How To: Clean and Maintain Butcher Block
With easy cleaning and conscientious use, the classic butcher block can last a lifetime—or longer. Here's how to clean and maintain the material.
Butcher block counters are a perennial favorite in the kitchen, though many homeowners worry about the care and maintenance the surface potentially demands. It’s true that butcher block probably does require a bit more attention than other countertop materials, but it’s not particularly difficult work, and there’s no beating the payoff. Properly cared for, butcher block can last a lifetime. No other countertop boasts such longevity (or forgives so much). If you have butcher block counters or are contemplating the prospect of installing them, read on for details on how to keep these handy surfaces in tip-top shape.
Just as pots and pans, dishes and kitchen tools must be cleaned after use, so too must be butcher block. Daily cleaning does not take long and requires no special tools or materials, but time is of the essence: Clean butcher block before the wood grain has the chance to absorb stains and become discolored. Food residue may be scraped away with a smooth, flat, and ideally plastic spatula, and the surface should be sponged off with only mild-dishwashing soap. Undiluted vinegar, by the by, works great for cleaning and disinfecting butcher block, and this type of vinegar does not leave behind a strong, pungent odor.
Soon or later, even those who conscientiously care for their butcher block are going to encounter a stain. Before you reach for the sandpaper, try one of these two easy stain removal methods (note that both are safe for food prep surfaces). First is the kitchen superstar lemon: Even in tough circumstances, it can work wonders in the case of butcher block. Sprinkle a bit of coarse salt onto the stained area, then rub it in with half of a lemon. If the stain does not vanish more or less immediately, return to it a day later and see if either soap or vinegar helps the situation. You might also try baking soda, particularly if you’re dealing with a fresh spill. Blanket the stain in the powder, rub it in and let it sit, then scrub with either soap or vinegar moistening your sponge.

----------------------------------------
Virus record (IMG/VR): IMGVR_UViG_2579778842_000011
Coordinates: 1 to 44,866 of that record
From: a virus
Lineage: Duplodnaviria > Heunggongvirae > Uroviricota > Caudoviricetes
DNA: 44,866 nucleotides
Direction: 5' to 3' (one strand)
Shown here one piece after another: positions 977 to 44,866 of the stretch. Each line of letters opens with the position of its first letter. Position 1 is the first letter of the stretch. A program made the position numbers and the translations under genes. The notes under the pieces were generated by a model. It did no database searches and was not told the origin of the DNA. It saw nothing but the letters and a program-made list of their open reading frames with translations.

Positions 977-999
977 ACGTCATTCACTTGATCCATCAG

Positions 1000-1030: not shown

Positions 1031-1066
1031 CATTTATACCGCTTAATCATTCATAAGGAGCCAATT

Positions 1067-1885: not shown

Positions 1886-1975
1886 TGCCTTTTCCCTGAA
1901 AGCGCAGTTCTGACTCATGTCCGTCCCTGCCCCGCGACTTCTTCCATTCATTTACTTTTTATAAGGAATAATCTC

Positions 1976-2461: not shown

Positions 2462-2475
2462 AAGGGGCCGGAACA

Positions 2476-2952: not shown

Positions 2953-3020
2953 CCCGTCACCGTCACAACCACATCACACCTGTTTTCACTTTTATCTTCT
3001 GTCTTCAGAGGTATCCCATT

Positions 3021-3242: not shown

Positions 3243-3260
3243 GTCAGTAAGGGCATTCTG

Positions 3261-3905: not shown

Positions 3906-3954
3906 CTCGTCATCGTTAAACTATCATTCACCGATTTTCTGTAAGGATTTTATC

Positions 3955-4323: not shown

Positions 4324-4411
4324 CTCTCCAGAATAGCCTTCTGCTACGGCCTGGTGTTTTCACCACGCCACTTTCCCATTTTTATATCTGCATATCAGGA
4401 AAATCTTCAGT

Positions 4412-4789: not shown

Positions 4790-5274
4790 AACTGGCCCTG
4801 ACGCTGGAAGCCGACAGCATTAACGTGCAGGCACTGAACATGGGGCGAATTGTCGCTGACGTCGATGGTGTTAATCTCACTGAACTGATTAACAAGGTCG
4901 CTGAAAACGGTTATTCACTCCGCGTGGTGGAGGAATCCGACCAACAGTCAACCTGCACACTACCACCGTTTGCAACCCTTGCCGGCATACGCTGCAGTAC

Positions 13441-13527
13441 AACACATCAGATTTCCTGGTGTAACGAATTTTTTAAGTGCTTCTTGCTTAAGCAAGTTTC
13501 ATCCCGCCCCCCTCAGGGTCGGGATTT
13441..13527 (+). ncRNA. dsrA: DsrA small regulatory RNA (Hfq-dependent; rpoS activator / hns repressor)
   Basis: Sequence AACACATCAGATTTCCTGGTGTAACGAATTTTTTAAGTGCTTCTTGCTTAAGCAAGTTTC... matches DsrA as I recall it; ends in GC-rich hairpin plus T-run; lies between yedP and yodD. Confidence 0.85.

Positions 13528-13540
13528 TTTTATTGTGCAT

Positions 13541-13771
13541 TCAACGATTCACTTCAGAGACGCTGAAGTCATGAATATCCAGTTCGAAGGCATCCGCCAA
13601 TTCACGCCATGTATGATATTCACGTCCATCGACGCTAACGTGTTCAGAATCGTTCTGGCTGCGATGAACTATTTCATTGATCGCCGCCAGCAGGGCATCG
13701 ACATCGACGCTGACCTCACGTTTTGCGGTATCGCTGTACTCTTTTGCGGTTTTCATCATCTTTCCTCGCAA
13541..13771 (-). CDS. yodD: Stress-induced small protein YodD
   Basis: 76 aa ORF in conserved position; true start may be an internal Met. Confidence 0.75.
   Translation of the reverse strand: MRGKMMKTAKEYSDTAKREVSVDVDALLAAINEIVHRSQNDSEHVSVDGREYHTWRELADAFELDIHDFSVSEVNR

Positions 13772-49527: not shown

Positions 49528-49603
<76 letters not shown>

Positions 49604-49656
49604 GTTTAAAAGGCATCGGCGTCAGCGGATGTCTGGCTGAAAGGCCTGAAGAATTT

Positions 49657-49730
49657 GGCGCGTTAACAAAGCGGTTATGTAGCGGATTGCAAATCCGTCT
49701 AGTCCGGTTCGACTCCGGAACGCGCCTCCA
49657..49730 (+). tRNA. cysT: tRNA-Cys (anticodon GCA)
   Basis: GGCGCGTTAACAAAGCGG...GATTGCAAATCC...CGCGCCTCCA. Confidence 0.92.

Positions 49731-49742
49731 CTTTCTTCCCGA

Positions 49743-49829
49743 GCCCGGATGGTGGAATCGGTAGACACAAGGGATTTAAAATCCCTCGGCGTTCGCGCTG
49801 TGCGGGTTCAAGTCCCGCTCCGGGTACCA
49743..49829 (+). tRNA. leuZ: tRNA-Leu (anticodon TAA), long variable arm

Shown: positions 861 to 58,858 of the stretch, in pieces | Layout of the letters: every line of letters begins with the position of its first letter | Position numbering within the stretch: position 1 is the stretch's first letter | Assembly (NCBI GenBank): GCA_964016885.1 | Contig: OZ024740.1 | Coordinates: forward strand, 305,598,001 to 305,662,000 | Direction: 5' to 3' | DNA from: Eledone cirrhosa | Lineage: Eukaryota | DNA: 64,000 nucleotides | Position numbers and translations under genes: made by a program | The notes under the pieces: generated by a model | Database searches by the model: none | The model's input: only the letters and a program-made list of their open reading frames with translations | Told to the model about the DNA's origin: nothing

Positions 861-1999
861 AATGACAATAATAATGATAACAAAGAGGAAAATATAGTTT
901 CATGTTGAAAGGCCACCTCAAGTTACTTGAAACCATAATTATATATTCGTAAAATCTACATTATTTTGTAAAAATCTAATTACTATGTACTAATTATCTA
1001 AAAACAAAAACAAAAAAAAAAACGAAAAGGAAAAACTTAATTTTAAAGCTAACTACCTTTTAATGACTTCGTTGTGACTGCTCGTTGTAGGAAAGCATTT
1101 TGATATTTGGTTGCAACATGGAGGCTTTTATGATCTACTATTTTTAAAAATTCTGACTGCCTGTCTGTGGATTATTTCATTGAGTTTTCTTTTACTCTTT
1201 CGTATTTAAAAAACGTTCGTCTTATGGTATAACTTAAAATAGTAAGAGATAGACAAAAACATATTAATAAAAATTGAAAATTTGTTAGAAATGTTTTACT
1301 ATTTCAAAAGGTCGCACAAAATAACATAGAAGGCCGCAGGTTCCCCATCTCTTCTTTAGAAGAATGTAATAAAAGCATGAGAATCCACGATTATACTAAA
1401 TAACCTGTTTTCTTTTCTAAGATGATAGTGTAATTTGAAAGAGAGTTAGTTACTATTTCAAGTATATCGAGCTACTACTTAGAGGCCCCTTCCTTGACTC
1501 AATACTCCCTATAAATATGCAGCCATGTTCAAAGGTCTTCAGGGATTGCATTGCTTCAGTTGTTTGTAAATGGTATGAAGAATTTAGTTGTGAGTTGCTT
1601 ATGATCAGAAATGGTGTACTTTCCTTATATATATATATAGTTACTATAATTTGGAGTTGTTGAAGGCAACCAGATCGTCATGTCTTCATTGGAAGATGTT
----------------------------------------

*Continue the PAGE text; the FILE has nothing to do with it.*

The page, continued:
The beauty of butcher block is that, if it should ever become irredeemably stained, you can always refinish it. (You might also choose to do so, if the surface sees uneven wear.) First, use a coarse-grit sandpaper to rub out the stain, then switch to a finer git so that you can smooth things out. After sanding, apply food-safe mineral oil or raw linseed oil. Evenly rub the oil into the wood and wipe off any excess. If the wood quickly absorbs all the oil, add another coat. Remember that proper care of butcher block entails oiling the entire surface every six months or so, at minimum.
In some homes, butcher block counters serve as the main food prep surface. If your kitchen boasts only butcher block counters, be conscious of the fact that inadvertently you may be causing uneven wear. To avoid ending up with a single area that looks worn-out compared to the rest, try to do your chopping on a different part of the countertop each time you prepare a meal.
Also, since wood absorbs moisture quickly, it’s a mistake to leave damp cloths or spills for any prolonged period of time on the wood surface. When not in use, you want the butcher block to remain relatively dry. As you cook, rub down the counters occasionally with a dry cloth in order to minimize moisture. That way, you can help preserve the butcher block for years to come!